When competition gives way to collaboration and cooperation, amazing things can happen. The Lake Victoria Pooptank started off as a competition between 3 regional sanitation innovators; one from Kenya; one from Uganda; and one from Tanzania. Together with the Sanitation Innovation Fund leadership, and the roster of Lakewide Inclusive Sanitation mentors; a team was born! Given that Lake Victoria's challenges are for all of the water in its basin, irrespective of territorial boundaries, our discussion quickly turned to how the competitors could support each other, and the Lakewide sanitation challenge became an exercise in regional collaboration.
Regional collaboration does not just occur because of a shared interest (i.e. the health of Lake Victoria), it requires debate, argument, disagreement, compromise, and empathy. This communication has to happen at all levels between all neighbours, not just at a high level between regional governments in the Lake's basin. The three Pooptank innovators have been having this discussion using the medium of a rolling debate, on our shared Whatsapp group. This blog is the fruit of that debate: the opinions of the innovators as they consider the deep, complex, and sometimes provocative subjects which will need addressing in order to move ahead, faster and more efficiently, with the mission of Lakewide Inclusive Sanitation for Lake Victoria.
We hope you may reflect upon these opinions, and we welcome your engagement should you wish to leave a comment.
Water is water is water, regardless of where the raindrops fall. Lake Victoria's water is managed by its 3 riparian nations of Kenya, Uganda, and Tanzania, as well as Rwanda and Burundi. Its basin is home to over 44 million people, who all depend upon the rains, the soil, and the biodiversity in this huge watershed. The water may be the same, but the people, the cultures, the languages, and the governance, are all hugely varied and complex. In order to reverse the tragic deterioration of Lake Victoria's water quality, these different peoples, and their systems of governance, will need to change in a way which is more in harmony with their nature, and with their Lake.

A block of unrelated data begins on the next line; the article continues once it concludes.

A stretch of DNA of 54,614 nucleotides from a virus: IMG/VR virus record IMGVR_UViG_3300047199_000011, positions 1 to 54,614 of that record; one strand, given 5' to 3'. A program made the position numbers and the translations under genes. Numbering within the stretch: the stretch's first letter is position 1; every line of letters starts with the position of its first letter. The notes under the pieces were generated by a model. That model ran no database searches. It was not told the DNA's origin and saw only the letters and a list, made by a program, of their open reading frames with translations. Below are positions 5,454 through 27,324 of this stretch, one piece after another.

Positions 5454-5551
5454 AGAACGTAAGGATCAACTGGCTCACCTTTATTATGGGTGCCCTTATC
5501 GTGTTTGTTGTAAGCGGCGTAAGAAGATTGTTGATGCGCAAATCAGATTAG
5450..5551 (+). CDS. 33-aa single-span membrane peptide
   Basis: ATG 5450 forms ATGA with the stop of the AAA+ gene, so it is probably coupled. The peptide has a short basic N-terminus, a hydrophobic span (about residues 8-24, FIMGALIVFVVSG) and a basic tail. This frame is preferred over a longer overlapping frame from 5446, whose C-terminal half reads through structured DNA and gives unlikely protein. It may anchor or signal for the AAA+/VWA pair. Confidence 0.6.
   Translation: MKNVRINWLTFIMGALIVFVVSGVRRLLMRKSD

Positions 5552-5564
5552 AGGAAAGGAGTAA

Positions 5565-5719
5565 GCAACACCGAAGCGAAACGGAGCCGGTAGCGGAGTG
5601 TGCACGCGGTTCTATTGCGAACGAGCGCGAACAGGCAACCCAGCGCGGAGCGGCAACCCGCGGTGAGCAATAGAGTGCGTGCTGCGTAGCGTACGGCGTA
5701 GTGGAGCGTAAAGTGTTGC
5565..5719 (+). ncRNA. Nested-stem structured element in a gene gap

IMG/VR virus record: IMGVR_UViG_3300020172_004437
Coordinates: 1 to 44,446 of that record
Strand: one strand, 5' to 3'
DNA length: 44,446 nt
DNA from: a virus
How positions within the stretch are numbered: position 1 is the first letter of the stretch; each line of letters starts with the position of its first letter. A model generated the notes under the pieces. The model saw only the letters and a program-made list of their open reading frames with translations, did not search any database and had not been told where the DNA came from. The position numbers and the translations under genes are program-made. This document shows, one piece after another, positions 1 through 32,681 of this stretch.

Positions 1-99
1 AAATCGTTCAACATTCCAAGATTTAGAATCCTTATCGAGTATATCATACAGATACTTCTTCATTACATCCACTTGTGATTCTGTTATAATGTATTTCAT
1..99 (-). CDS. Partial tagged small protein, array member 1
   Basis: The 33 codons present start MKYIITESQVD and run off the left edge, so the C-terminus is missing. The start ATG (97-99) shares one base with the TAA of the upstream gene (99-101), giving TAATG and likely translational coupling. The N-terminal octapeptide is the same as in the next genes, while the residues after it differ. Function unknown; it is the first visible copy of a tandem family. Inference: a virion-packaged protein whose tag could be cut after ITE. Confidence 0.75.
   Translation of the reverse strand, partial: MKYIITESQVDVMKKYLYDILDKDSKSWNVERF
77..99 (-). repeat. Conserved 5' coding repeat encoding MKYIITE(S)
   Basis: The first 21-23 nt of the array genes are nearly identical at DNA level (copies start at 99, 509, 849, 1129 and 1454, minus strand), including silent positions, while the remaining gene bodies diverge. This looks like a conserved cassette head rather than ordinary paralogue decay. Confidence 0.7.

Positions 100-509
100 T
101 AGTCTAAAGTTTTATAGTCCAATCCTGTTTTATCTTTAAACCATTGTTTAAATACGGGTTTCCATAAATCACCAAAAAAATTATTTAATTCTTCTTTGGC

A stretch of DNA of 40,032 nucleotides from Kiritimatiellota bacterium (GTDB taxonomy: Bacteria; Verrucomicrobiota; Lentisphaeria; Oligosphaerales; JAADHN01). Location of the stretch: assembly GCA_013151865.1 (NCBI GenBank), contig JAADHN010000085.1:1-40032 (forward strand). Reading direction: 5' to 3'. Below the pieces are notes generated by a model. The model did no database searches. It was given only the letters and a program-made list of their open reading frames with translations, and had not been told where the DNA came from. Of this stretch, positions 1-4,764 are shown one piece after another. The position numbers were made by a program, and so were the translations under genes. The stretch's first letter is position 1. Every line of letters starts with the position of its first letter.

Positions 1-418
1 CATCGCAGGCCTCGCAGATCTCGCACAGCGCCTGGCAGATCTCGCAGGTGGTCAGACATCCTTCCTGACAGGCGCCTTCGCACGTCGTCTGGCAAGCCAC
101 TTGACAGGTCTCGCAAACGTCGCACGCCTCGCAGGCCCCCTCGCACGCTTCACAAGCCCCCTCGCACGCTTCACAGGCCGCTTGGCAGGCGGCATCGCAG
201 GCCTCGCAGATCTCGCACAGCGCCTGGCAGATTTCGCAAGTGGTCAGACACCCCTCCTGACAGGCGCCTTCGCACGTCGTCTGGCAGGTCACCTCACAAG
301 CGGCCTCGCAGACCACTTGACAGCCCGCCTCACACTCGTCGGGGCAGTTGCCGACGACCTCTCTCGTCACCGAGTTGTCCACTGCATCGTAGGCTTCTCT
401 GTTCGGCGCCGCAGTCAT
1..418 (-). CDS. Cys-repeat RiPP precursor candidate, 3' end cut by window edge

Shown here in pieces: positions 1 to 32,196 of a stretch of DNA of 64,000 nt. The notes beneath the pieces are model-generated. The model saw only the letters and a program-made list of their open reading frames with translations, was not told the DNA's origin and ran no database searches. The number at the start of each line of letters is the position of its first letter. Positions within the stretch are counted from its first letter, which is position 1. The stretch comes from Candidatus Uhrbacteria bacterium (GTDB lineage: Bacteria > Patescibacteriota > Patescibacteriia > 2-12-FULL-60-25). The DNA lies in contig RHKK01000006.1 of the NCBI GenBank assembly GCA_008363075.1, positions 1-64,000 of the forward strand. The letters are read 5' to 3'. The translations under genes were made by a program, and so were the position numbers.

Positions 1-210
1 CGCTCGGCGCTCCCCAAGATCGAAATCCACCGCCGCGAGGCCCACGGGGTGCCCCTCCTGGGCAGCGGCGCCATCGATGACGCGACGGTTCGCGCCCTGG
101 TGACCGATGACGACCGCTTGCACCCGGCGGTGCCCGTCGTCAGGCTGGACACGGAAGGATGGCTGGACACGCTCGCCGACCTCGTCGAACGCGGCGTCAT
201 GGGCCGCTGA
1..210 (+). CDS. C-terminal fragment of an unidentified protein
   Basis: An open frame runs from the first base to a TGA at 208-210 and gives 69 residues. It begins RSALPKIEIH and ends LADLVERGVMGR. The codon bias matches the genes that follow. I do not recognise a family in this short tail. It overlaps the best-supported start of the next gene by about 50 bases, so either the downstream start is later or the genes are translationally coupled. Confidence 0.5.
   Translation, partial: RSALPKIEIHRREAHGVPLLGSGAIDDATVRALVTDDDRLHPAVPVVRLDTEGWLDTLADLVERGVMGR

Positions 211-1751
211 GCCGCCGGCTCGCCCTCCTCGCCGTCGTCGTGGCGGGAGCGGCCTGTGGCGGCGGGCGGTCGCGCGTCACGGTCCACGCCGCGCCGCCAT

In your opinion, how important is regional coordination to saving Lake Victoria, and what are some of the big challenges which will hamper the much needed collective action?
Juliet Mukunde of Uganda:
"Regional coordination means assuming collective responsibility for all 5 states of the basin, to save lake Victoria. This allows for the creation and implementation of regional policies, which are effectively the rules of regional coordination. Coordination means greater awareness by more stakeholders due to their increased participation. This builds a stronger "collective voice" which is needed to mobilize the required financial and technical support at the basin level. The concept of sovereignty and the national interests of the 5 states of the basin, are the major challenges faced by regional coordination."
Carolyne Odero of Kenya:
"Regional coordination may sound good, but I highly doubt it would be the game changer because the five countries of the Lake Victoria basin all have different cultures and all value the Lake differently. How fast a state would embrace regional coordination thus depends on how important the lake is to them, or indeed, what they would lose if the Lake died. Kenya, for example, depends on the Lake for much of its economy, e.g. a source of income; a source of food; and tourism. So the Lake contributes greatly to the ministries of Labour, Agriculture and Tourism. This may not be the same in the other countries and as such talks calling for coordination may sound like a quick fix, but wouldn't protect the lake. This is a people's problem and as such, governments of different states should make it their priority to save it with their own different strategies in terms of policy, legislation, regulation and enforcement, with a clear understanding of their respective citizens."
Saul Mwandosya of Tanzania:
"Regional coordination for Lake Victoria is of paramount importance. Governance, regulations and enforcement must be in place and active, across all riparian nations. Importantly, the current needs of the Lake Victoria communities must not be ignored as regional coordination is discussed. The lake basin's rising population search for water, food, and economic security, which drives urbanisation. Uncontrolled urbanisation contributes greatly to the deterioration of the water quality of Lake Victoria, the transmission of sanitation-related diseases, and the loss of biodiversity and recreation amenity. Therefore, we cannot govern our great resource while we each employ different policies, regulations and laws. For example, the land laws and water laws of Tanzania insist dermacation of a 60m protected zone along the Lake shore, as protected public land. But water resources governance differ from Tanzania, to Kenya, to Uganda. Hence the importance of regional coordination bodies, like the Lake Victoria Basin Commission (LVBC), who can promote the harmonisation of policies and laws. All riparian nations need joint collaboration for the safe management of Lake Victoria's waters."